CMRP: A Maintenance Milestone
EP Editorial Staff | November 1, 2001
Fifty-nine members of the reliability and maintenance community became Certified Maintenance and Reliability Professionals (CMRP) last month when they passed the comprehensive examination given by the SMRP Certifying Organization at the Ninth Annual Conference of the Society for Maintenance & Reliability Professionals (SMRP).
The examination is designed to validate the examinee’s skills and knowledge in five interrelated work processes: Equipment reliability, manufacturing process reliability, work management, business and management, and people.
Individuals who pass the test and agree to abide by certain guidelines for professional conduct become certified and can proudly add the initials CMRP after their names. They have the right to a large measure of personal pride because their proficiency in maintenance and reliability management is at a professional level certified by their peers as represented by SMRPCO.
Because I participated in the development of the examination, I was not eligible to obtain certification by examination. However, through SMRPCO “grandfather” provisions, I can use CMRP in my byline, and I am proud to do so. Not having sat for the examination, my sense of pride is different from those who did. I feel proud to have the privilege of working with SMRPCO in the development of the CMRP process.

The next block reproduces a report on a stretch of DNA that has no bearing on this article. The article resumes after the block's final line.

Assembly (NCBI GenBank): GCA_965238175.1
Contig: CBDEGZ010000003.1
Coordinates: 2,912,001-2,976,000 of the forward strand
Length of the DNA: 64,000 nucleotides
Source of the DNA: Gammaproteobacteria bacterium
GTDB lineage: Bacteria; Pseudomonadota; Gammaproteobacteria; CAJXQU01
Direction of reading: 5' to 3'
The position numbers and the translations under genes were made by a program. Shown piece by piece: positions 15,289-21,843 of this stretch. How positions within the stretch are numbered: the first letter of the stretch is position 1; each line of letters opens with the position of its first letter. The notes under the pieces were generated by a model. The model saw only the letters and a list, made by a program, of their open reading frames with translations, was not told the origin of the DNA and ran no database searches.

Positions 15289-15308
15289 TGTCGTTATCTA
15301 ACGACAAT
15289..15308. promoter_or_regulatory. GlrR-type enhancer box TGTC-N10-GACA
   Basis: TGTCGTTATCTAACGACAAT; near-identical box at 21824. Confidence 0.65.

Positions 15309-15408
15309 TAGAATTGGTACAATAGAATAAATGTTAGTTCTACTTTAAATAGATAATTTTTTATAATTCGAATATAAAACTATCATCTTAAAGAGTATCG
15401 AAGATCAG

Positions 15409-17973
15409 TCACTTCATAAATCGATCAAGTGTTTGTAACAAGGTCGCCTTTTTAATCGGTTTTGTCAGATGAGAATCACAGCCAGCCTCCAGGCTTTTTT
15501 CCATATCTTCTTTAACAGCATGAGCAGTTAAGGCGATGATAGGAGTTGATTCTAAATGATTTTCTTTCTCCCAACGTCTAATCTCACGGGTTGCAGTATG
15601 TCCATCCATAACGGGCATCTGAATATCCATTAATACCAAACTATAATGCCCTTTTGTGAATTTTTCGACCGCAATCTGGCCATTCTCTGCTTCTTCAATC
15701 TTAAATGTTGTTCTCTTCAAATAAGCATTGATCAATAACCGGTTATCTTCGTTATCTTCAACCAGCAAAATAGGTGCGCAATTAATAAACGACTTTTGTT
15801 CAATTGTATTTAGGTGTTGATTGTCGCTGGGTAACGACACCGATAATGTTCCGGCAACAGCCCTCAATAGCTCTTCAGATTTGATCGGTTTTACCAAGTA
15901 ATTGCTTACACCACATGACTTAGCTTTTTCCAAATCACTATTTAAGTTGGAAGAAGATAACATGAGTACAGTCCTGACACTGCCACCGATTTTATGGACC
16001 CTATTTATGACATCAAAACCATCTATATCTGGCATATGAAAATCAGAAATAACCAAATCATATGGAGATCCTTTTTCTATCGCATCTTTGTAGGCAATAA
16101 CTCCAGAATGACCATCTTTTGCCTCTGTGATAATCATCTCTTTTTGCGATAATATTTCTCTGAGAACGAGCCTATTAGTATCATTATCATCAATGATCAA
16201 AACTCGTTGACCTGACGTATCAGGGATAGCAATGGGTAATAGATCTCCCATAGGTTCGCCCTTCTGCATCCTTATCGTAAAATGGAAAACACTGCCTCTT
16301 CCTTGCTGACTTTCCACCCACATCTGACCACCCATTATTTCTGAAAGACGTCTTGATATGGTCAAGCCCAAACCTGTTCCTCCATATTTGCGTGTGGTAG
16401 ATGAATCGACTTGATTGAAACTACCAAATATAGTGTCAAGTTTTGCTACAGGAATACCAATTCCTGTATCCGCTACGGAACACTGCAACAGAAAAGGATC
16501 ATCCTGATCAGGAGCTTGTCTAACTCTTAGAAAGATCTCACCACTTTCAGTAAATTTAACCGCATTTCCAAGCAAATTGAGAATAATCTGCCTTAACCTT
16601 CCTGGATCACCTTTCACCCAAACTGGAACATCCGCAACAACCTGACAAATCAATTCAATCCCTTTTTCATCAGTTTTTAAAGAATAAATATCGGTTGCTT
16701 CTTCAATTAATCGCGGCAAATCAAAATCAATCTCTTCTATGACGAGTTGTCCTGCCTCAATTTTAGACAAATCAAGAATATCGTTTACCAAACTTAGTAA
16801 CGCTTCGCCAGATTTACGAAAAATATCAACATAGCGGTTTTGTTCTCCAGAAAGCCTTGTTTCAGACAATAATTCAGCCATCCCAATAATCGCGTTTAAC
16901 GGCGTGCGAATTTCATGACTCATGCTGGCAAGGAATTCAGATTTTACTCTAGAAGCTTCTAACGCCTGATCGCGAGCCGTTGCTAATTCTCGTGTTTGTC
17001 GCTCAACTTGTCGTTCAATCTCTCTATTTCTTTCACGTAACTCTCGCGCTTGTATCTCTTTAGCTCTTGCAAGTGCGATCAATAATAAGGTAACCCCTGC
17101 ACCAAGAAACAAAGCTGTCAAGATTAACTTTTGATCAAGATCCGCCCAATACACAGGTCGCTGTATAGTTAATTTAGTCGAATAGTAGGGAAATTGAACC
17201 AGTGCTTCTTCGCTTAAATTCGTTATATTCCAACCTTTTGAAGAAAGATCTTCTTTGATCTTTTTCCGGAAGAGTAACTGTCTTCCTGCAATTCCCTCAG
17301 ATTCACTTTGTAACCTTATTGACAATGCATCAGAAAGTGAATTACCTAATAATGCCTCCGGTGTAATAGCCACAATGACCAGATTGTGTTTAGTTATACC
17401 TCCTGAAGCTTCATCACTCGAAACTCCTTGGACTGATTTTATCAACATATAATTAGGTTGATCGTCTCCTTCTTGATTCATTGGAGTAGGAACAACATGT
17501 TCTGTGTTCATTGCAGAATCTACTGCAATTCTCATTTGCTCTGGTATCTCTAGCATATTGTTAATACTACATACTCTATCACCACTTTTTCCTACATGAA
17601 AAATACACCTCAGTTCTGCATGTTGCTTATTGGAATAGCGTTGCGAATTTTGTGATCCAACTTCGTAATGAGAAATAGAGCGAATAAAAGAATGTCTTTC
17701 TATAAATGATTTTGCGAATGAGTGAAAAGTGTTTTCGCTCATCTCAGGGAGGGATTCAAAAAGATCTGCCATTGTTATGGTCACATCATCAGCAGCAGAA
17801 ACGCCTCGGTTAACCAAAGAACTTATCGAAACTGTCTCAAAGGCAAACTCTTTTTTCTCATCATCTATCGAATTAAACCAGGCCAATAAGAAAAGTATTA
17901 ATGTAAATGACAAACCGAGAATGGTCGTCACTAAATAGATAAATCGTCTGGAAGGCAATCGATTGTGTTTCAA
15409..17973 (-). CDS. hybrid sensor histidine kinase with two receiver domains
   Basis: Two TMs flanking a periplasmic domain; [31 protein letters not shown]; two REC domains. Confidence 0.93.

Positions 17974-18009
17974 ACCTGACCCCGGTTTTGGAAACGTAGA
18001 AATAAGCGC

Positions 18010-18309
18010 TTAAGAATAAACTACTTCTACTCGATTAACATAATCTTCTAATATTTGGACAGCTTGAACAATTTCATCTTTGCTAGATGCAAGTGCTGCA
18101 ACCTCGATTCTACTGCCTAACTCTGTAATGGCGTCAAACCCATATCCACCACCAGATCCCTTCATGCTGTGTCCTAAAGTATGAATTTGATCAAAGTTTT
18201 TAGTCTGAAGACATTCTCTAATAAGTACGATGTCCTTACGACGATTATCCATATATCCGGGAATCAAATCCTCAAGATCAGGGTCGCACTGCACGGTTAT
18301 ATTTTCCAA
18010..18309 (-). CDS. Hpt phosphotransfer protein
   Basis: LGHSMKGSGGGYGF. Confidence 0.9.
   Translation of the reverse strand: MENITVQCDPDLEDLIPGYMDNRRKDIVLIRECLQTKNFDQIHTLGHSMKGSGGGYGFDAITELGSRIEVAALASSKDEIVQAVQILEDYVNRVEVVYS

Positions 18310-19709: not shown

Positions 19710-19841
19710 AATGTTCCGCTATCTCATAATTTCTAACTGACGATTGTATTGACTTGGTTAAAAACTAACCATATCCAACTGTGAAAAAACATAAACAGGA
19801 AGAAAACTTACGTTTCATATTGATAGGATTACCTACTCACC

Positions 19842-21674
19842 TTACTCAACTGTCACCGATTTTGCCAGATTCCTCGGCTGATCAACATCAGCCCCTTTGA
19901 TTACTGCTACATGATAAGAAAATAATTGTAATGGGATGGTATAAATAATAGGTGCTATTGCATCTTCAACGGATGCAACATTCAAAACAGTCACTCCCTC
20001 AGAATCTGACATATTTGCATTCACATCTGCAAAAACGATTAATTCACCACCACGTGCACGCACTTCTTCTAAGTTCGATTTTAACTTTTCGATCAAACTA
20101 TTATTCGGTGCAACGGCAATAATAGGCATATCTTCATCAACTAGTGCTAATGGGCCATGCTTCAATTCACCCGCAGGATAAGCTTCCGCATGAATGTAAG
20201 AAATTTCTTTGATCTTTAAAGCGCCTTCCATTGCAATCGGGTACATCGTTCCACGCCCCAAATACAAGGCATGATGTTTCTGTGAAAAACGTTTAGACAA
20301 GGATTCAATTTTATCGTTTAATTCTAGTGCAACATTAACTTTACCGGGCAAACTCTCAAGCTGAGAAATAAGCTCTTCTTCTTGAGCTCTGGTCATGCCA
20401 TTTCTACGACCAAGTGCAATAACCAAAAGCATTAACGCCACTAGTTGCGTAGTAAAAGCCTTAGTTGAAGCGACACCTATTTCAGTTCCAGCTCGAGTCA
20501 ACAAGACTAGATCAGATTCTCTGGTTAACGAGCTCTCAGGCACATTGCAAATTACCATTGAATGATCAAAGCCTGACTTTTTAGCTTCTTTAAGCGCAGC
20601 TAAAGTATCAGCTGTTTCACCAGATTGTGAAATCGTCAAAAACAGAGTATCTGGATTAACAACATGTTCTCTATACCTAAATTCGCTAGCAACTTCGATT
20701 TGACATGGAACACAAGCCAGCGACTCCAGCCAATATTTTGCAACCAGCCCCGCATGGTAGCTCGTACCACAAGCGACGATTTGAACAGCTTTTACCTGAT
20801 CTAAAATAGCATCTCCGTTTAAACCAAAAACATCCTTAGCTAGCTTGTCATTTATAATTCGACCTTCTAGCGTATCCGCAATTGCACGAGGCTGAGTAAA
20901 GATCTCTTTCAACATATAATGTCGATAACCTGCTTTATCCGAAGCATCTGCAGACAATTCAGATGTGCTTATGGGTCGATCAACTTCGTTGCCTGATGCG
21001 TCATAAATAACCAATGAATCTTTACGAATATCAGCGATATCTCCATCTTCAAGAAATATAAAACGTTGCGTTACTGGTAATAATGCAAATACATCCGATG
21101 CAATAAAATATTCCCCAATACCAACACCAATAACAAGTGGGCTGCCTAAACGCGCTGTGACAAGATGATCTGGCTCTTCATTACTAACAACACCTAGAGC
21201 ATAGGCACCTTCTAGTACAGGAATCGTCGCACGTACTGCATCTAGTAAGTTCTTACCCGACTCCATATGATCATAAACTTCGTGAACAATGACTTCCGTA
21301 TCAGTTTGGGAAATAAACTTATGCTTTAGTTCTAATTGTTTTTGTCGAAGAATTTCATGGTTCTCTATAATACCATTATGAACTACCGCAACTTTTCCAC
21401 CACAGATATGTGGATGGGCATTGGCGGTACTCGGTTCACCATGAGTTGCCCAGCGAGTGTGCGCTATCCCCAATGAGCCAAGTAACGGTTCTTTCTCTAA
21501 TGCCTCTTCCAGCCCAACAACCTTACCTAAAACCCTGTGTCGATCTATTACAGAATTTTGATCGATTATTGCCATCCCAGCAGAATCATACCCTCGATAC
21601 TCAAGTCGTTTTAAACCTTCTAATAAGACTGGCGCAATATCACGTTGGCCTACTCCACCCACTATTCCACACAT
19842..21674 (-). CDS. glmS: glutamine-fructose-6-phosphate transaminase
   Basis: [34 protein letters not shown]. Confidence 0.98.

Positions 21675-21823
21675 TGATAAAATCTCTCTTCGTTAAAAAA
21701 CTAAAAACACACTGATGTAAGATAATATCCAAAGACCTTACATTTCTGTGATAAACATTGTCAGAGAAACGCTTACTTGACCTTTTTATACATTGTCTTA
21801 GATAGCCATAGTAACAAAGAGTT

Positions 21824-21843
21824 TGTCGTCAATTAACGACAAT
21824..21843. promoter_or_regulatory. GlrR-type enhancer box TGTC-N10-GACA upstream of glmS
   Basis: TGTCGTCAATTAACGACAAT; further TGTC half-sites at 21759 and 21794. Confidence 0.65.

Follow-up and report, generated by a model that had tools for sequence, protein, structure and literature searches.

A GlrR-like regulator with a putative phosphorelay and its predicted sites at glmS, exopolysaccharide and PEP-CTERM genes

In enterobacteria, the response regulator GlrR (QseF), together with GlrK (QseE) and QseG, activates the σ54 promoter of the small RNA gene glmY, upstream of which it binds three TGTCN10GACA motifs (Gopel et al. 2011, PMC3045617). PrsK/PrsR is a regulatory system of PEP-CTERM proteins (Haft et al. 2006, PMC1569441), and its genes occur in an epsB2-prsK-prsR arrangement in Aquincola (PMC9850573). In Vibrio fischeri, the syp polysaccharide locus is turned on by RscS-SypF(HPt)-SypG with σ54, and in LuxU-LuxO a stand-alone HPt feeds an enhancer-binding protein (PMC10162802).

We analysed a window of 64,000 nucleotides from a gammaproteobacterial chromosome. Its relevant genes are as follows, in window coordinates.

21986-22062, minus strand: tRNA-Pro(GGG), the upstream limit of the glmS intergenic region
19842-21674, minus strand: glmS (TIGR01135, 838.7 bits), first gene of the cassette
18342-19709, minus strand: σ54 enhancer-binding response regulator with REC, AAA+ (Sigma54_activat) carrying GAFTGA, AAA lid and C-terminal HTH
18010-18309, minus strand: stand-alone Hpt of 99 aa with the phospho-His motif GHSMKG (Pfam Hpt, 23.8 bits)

In my estimation, the person deserving the greatest sense of pride in CMRP is Brad Peterson, a fellow founding member of SMRP. Without his vision, leadership, sense of purpose, and years of hard work as chairman of the committee, there would be no CMRP. His insistence on rigorous process development and excellence of execution was essential to making CMRP unique in several ways:
Independence: SMRPCO is a practitioner-based organization without ties to any commercial venture.
Body of knowledge: SMRPCO recognizes management and manufacturing skills as well as the technical aspects of maintenance and reliability.
Validation: SMRPCO validated each step of the process with input from a broad cross section of the maintenance and reliability community.
Certified process: SMRPCO work was conducted according to National Organization of Competency Assurance guidelines with the intent to have the process certified by that organization.
Continued enhancement: SMRPCO has a plan to continue to enhance the value of certification to practitioners who have become certified.
I believe SMRPCO’s CMRP is a profession milestone in which all present and future participants can take pride. MT